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with the other books, and with no marks of distinction, they were practically employed by the Greek Fathers in the same way as the other books; hence Origen, Clement and others often cite them as “scripture,” “divine scripture,” “inspired,” and the like. On the other hand, teachers connected with Palestine, and familiar with the Hebrew canon, rigidly exclude all but the books contained there. This view is reflected, for example, in the canon of Melito of Sardis, and in the prefaces and letters of Jerome. Augustine, however (De Doct. Christ. ii. 8), attaches himself to the other side. Two well-defined views in this way prevailed, to which was added a third, according to which the books, though not to be put in the same rank as the canonical scriptures of the Hebrew collection, yet were of value for moral uses and to be read in congregations,—and hence they were called “ecclesiastical”—a designation first found in Rufinus (ob. 410). Notwithstanding the decisions of some councils held in Africa, which were in favour of the view of Augustine, these diverse opinions regarding the apocryphal books continued to prevail in the church down through the ages till the great dogmatic era of the Reformation. At that epoch the same three opinions were taken up and congealed into dogmas, which may be considered characteristic of the churches adopting them. In 1546 the council of Trent adopted the canon of Augustine, declaring “He is also to be anathema who does not receive these entire books, with all their parts, as they have been accustomed to be read in the Catholic Church, and are found in the ancient editions of the Latin Vulgate, as sacred and canonical.” The whole of the books in question, with the exception of 1st and 2nd Esdras, and the Prayer of Manasses, were declared canonical at Trent. On the other hand, the Protestants universally adhered to the opinion that only the books in the Hebrew collection are canonical. Already Wycliffe had declared that “whatever book is in the Old Testament besides these twenty-five (Hebrew) shall be set among the apocrypha, that is, without authority or belief.” Yet among the churches of the Reformation a milder and a severer view prevailed regarding the apocrypha. Both in the German and English translations (Luther’s, 1537; Coverdale’s, 1535, &c.) these books are separated from the others and set by themselves; but while in some confessions, e.g. the Westminster, a decided judgment is passed on them, that they are not “to be any otherwise approved or made use of than other human writings,” a milder verdict is expressed regarding them in many other quarters, e.g. in the “argument” prefixed to them in the Geneva Bible; in the Sixth Article of the Church of England, where it is said that “the other books the church doth read for example of life and instruction of manners,” though not to establish doctrine; and elsewhere.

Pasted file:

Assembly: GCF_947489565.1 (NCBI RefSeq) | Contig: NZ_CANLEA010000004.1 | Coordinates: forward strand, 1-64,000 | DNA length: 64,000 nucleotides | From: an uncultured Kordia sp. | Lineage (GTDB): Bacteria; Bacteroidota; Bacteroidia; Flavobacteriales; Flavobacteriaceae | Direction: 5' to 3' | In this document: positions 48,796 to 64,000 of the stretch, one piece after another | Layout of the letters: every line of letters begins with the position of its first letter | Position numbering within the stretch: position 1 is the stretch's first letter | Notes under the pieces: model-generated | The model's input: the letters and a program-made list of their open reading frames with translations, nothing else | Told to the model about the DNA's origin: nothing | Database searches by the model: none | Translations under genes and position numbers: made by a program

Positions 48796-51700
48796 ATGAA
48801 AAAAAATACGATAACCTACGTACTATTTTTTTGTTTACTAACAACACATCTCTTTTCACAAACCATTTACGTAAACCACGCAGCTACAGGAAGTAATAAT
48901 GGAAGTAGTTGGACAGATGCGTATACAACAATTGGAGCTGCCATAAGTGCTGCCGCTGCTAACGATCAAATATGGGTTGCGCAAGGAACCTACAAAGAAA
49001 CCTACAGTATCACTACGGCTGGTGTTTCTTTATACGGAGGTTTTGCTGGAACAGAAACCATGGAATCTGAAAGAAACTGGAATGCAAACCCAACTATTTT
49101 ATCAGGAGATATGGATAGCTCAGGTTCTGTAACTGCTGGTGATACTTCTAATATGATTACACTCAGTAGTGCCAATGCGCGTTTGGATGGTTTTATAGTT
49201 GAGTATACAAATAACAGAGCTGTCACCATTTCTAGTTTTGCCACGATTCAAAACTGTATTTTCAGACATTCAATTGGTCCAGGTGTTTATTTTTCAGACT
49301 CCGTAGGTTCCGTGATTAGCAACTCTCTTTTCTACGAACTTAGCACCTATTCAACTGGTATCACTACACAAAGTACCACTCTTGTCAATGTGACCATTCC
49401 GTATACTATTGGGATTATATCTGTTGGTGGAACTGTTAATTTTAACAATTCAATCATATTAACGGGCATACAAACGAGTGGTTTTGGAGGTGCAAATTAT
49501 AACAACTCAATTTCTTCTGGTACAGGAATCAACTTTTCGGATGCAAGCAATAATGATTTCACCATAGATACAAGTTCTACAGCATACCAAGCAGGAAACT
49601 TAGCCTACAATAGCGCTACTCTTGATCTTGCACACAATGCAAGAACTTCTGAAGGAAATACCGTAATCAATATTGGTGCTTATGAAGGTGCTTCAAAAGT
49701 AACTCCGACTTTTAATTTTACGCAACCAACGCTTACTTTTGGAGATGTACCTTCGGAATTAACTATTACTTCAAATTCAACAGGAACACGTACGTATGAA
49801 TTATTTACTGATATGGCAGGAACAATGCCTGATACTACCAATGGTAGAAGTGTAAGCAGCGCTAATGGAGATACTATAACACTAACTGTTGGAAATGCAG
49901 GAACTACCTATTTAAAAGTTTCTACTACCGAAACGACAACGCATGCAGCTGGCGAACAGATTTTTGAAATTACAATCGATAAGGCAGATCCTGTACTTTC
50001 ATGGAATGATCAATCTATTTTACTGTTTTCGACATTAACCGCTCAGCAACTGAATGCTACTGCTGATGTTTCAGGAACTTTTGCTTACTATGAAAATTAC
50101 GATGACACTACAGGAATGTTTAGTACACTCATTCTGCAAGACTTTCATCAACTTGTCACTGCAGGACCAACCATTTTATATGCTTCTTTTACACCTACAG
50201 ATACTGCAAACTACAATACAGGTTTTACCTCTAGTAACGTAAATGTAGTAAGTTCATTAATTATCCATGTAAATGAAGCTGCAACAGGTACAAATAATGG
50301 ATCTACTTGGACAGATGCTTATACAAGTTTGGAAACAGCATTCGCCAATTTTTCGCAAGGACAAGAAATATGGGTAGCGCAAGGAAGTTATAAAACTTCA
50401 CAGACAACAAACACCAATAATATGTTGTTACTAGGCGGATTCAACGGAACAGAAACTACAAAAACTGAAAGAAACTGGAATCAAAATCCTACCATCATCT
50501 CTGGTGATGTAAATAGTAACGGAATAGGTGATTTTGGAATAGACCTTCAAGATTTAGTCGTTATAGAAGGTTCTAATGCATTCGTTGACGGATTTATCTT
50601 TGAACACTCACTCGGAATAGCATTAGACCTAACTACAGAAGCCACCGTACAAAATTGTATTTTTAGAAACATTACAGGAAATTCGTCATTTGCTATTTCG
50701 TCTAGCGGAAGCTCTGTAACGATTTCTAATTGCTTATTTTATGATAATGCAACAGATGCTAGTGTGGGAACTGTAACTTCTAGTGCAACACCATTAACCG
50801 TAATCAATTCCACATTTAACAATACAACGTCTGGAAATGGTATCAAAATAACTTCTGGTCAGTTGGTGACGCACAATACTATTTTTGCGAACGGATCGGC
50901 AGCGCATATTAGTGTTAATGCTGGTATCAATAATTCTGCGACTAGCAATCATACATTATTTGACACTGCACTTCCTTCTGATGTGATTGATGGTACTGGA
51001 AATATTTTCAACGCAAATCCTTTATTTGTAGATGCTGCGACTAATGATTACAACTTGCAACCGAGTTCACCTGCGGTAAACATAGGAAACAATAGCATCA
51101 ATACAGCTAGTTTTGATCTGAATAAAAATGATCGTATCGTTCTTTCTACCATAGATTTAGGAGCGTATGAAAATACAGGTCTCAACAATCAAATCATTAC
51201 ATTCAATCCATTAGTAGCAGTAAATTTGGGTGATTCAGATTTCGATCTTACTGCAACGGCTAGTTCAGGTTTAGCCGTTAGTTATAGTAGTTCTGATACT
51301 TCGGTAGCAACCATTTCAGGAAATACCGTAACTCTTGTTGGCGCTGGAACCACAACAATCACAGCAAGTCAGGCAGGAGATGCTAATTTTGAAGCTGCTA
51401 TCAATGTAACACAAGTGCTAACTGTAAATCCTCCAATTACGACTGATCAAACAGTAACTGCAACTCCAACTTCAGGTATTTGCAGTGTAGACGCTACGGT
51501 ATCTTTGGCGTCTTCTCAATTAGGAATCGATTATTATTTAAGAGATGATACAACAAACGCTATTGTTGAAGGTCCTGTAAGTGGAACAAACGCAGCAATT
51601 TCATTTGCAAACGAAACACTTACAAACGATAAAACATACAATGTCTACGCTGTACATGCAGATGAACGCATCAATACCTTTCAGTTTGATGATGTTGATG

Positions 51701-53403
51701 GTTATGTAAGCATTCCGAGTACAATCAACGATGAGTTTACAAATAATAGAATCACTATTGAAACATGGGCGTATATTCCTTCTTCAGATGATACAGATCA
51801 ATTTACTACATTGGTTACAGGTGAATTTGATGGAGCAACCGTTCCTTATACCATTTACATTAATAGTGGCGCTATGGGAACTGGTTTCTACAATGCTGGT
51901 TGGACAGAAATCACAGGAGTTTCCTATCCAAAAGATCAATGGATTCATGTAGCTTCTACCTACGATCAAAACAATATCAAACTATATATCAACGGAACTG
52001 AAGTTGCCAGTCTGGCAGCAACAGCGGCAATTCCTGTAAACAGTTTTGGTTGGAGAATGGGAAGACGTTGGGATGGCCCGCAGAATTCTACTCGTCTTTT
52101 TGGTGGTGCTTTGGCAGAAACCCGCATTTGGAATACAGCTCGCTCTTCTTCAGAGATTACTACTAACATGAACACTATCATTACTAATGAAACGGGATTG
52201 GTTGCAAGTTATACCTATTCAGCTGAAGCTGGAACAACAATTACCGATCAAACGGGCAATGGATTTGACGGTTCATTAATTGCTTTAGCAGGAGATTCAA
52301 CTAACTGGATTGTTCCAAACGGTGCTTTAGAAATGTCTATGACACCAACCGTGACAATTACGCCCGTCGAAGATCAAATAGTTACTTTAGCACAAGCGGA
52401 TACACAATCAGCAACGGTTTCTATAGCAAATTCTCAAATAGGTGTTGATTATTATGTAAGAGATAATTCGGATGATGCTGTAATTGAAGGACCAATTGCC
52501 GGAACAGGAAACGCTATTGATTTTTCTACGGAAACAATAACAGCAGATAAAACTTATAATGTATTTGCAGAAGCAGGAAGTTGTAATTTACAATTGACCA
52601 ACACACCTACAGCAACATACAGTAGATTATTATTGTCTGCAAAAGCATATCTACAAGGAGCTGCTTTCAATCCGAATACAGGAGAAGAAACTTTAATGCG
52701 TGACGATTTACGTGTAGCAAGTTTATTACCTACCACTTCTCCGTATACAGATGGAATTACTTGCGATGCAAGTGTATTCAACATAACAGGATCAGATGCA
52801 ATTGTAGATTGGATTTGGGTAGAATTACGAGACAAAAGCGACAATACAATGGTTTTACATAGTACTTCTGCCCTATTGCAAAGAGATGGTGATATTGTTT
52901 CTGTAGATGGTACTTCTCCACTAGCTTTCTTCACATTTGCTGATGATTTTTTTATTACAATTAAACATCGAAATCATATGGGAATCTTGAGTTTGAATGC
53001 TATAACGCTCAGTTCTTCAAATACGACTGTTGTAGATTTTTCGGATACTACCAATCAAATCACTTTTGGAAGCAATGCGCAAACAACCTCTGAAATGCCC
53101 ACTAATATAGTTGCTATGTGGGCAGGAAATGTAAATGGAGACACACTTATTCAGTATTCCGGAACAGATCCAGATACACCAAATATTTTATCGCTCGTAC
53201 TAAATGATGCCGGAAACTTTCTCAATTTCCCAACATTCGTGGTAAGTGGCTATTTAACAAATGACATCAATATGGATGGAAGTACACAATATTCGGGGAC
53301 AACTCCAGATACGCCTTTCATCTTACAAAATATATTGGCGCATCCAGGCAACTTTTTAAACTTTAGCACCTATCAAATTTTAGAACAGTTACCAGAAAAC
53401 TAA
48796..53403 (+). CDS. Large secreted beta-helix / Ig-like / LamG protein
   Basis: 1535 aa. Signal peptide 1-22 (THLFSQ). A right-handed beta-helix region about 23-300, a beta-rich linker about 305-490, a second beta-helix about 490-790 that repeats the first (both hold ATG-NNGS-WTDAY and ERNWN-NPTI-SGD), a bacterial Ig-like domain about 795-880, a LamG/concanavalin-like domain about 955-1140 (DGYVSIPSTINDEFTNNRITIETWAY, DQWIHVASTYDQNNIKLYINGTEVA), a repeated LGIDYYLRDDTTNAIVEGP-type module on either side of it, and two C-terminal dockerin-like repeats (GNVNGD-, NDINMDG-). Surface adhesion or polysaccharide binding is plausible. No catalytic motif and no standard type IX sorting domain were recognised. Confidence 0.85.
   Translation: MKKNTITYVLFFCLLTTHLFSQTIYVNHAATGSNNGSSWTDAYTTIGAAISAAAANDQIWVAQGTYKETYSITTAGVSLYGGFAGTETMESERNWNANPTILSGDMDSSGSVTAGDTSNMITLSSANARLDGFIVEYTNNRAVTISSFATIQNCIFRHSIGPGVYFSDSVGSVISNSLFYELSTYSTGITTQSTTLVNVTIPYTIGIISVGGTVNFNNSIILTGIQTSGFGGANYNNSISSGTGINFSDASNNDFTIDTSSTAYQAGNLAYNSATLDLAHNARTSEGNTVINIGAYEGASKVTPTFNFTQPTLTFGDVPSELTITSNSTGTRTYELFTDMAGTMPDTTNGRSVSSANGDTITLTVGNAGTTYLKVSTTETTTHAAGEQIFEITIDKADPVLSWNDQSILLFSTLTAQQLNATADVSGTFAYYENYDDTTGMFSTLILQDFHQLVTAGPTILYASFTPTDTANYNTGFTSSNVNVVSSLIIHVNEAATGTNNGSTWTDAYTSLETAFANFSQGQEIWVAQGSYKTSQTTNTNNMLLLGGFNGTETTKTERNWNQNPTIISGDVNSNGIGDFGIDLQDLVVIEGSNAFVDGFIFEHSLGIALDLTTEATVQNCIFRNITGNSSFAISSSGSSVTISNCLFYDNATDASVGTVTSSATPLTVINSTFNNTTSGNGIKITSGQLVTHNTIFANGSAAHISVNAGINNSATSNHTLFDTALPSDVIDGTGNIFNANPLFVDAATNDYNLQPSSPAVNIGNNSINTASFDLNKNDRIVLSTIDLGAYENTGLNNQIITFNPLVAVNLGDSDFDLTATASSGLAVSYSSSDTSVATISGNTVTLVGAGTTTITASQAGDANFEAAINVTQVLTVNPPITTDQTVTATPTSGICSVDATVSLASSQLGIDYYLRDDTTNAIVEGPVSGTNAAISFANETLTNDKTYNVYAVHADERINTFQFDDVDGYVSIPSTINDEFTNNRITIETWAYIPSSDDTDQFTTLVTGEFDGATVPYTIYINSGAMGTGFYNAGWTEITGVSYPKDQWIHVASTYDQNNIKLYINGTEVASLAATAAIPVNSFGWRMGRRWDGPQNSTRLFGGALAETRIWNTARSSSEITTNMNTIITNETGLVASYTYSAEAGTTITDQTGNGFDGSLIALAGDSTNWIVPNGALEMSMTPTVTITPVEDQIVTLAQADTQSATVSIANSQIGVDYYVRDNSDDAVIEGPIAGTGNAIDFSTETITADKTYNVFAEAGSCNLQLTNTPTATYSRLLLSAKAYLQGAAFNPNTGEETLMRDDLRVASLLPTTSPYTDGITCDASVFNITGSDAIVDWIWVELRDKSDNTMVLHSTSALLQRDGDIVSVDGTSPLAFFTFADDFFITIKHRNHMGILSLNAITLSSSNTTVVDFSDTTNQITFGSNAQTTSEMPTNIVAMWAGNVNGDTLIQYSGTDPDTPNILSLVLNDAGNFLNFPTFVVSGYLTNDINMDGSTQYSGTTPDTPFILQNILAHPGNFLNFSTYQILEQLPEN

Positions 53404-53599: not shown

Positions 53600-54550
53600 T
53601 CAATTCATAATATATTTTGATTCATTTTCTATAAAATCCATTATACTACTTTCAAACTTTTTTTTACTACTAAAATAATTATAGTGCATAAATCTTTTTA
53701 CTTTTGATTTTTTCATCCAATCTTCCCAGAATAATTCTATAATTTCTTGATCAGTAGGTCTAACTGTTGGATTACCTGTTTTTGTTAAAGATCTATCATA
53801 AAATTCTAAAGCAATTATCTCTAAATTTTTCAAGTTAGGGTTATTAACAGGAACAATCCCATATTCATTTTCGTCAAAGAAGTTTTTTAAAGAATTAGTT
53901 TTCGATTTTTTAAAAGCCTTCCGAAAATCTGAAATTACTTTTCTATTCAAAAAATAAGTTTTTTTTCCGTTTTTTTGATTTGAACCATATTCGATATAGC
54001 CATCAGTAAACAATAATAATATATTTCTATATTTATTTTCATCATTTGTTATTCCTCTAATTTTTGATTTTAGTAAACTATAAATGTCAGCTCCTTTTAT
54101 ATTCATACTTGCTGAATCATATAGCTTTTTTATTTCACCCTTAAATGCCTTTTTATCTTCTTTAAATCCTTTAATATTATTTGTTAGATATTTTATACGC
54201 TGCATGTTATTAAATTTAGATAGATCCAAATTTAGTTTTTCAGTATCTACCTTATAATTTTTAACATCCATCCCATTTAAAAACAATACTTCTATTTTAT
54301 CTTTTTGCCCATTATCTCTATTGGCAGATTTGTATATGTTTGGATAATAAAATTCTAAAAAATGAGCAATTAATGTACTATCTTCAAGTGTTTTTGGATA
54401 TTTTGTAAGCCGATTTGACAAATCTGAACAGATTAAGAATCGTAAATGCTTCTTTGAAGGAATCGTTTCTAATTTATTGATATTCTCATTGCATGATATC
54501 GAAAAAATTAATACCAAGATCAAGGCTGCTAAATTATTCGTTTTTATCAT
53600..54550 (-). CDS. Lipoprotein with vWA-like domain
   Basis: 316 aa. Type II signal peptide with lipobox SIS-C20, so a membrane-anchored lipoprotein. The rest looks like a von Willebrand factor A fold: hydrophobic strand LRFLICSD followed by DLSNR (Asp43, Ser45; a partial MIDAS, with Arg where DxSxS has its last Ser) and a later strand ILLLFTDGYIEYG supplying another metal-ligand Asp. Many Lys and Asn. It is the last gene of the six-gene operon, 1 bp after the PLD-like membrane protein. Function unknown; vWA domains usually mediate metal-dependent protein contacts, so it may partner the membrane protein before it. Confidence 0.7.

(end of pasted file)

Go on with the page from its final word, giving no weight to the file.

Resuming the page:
Old Testament Apocryphal Books

We shall now proceed to enumerate the apocryphal books: first the Apocrypha Proper, and next the rest of the Old and New Testament apocryphal literature.

1. The Apocrypha Proper, or the apocrypha of the Old Testament as used by English-speaking Protestants, consists of the following books: 1 Esdras, 2 Esdras, Tobit, Judith, Additions to Esther, Wisdom of Solomon, Ecclesiasticus, Baruch, Epistle of Jeremy, Additions to Daniel (Song of the Three Holy Children, History of Susannah, and Bel and the Dragon), Prayer of Manasses, 1 Maccabees, 2 Maccabees. Thus the Apocrypha Proper constitutes the surplusage of the Vulgate or Bible of the Roman Church over the Hebrew Old Testament. Since this surplusage is in turn derived from the Septuagint, from which the old Latin version was translated, it thus follows that the difference between the Protestant and the Roman Catholic Old Testament is, roughly speaking, traceable to the difference between the Palestinian and the Alexandrian canons of the Old Testament. But this is only true with certain reservations; for the Latin Vulgate was revised by Jerome according to the Hebrew, and, where Hebrew originals were wanting, according to the Septuagint. Furthermore, the Vulgate rejects 3 and 4 Maccabees and Psalm cli., which generally appear in the Septuagint, while the Septuagint and Luther’s Bible reject 4 Ezra, which is found in the Vulgate and the Apocrypha Proper. Luther’s Bible, moreover, rejects also 3 Ezra. It should further be observed that the Vulgate adds the Prayer of Manasses and 3 and 4 Ezra after the New Testament as apocryphal.